Kscope19, ODTUG’s user conference known for providing a rich opportunity for networking and education on Oracle technologies, is taking place this week in Seattle!
I was fortunate enough to attend the session”Getting Started with Groovy for the Non-Technical Superstars” with presenter Kyle Goodfriend, Vice President of Oracle Practice – Accelytics who introduced how to get started with Groovy.
EPBCS API has a lot of functions that can be utilized to perform tasks within Planning. Groovy is the language to interact with such functions and to execute them.
Some helpful things that I learned from attending this KSCOPE19 session about Groovy are:
- Groovy scripting can change the way form validations are done. We could get real-time warnings focusing only on those yellow edited cells on the form by making Groovy focus on that specific set of data. Focusing validation on the yellow edited cells improve a lot of performance and you could get many validations incorporated instead of keeping them out of the form to improve performance.
- I learned that using Grid iteration helps to pass edited cells to the data maps or Essbase calculation scripts and check validation on the input data based on that hence you could get performance improved data validation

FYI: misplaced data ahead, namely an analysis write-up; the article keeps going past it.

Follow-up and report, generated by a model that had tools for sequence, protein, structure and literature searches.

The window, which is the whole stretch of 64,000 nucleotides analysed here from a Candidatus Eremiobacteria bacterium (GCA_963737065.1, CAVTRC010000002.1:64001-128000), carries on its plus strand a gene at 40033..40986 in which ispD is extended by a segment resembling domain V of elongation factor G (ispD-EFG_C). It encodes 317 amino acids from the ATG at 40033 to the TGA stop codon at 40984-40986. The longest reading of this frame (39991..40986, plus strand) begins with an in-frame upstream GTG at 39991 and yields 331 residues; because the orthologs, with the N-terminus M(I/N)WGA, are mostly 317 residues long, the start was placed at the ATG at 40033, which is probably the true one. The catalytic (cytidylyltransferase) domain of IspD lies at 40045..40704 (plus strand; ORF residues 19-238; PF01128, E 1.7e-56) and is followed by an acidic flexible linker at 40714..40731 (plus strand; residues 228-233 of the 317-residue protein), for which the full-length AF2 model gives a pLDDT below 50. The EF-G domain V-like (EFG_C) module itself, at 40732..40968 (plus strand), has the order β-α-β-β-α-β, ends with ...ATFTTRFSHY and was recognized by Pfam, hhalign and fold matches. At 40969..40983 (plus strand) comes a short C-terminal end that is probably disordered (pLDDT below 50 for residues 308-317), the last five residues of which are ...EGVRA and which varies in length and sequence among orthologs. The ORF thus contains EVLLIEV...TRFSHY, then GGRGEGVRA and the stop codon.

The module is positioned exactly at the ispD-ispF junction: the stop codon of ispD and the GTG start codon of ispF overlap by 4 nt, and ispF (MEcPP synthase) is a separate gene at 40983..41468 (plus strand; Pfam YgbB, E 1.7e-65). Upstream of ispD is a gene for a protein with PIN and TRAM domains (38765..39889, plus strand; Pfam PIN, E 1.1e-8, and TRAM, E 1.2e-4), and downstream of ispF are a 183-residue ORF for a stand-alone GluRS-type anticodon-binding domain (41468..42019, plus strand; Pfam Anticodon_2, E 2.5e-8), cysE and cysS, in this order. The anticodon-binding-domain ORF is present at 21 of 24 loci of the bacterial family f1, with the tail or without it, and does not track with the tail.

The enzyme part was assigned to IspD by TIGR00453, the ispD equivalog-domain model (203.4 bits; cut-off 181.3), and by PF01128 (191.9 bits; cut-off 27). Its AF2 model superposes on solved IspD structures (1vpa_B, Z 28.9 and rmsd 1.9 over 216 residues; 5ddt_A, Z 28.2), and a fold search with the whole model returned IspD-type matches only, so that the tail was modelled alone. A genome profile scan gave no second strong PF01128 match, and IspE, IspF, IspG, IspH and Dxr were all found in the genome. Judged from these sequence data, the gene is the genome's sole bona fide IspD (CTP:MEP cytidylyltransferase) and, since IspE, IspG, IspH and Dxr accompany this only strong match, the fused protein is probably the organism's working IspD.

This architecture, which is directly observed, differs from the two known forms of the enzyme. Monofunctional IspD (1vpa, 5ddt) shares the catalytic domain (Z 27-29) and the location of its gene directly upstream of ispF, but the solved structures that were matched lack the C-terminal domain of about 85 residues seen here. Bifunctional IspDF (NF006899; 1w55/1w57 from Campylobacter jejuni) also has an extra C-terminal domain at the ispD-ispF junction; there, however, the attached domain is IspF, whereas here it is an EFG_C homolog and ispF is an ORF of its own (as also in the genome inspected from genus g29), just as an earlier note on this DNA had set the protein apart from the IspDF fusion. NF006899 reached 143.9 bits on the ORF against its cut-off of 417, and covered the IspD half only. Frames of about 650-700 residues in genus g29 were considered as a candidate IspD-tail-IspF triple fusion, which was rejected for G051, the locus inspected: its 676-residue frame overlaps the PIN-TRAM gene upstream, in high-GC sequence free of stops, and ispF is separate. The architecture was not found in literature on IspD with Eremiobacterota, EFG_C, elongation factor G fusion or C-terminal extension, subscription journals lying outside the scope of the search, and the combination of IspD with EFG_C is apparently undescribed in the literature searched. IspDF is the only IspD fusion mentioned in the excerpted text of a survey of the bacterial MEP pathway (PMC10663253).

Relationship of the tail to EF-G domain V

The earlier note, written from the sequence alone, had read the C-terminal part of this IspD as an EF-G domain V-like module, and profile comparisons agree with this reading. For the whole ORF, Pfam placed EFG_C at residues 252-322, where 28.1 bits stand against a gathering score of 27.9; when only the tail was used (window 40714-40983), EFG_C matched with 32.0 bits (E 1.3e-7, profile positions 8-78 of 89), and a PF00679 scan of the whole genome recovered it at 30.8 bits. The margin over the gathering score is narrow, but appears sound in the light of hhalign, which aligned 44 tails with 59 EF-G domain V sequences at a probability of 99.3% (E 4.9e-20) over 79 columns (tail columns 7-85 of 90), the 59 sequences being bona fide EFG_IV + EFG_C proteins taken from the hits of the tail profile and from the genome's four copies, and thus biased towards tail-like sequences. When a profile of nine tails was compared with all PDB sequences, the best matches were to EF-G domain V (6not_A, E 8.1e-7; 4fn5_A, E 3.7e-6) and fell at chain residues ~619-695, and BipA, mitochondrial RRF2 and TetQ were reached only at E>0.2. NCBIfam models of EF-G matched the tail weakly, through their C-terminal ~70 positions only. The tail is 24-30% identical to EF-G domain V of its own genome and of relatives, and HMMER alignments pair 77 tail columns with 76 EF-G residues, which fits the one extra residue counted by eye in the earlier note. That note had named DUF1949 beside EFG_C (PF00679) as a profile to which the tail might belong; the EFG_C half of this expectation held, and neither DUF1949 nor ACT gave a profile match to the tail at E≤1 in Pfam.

- You can use Groovy scripting to add more information to the default log messages that the system generated on the JOBS screen after executing a job or a rule.
- It is also possible to sync data from one data input form to multiple BSO or ASO database within the same application. This could cut the need for more process and also reduce the number of calculation scripts or jobs used to sync multiple apps in one go.
Explore key considerations, integrating the cloud with legacy applications and challenges of current cloud implementations.
If you are wondering where to begin, some of the attached links to the documentation can help and you have to choose Groovy scripting instead of Calculation Script in the edit mode to start writing a groovy script in EPBCS. The editor may not be that friendly to indicate Groovy syntax issues.
Here is further documentation on Groovy: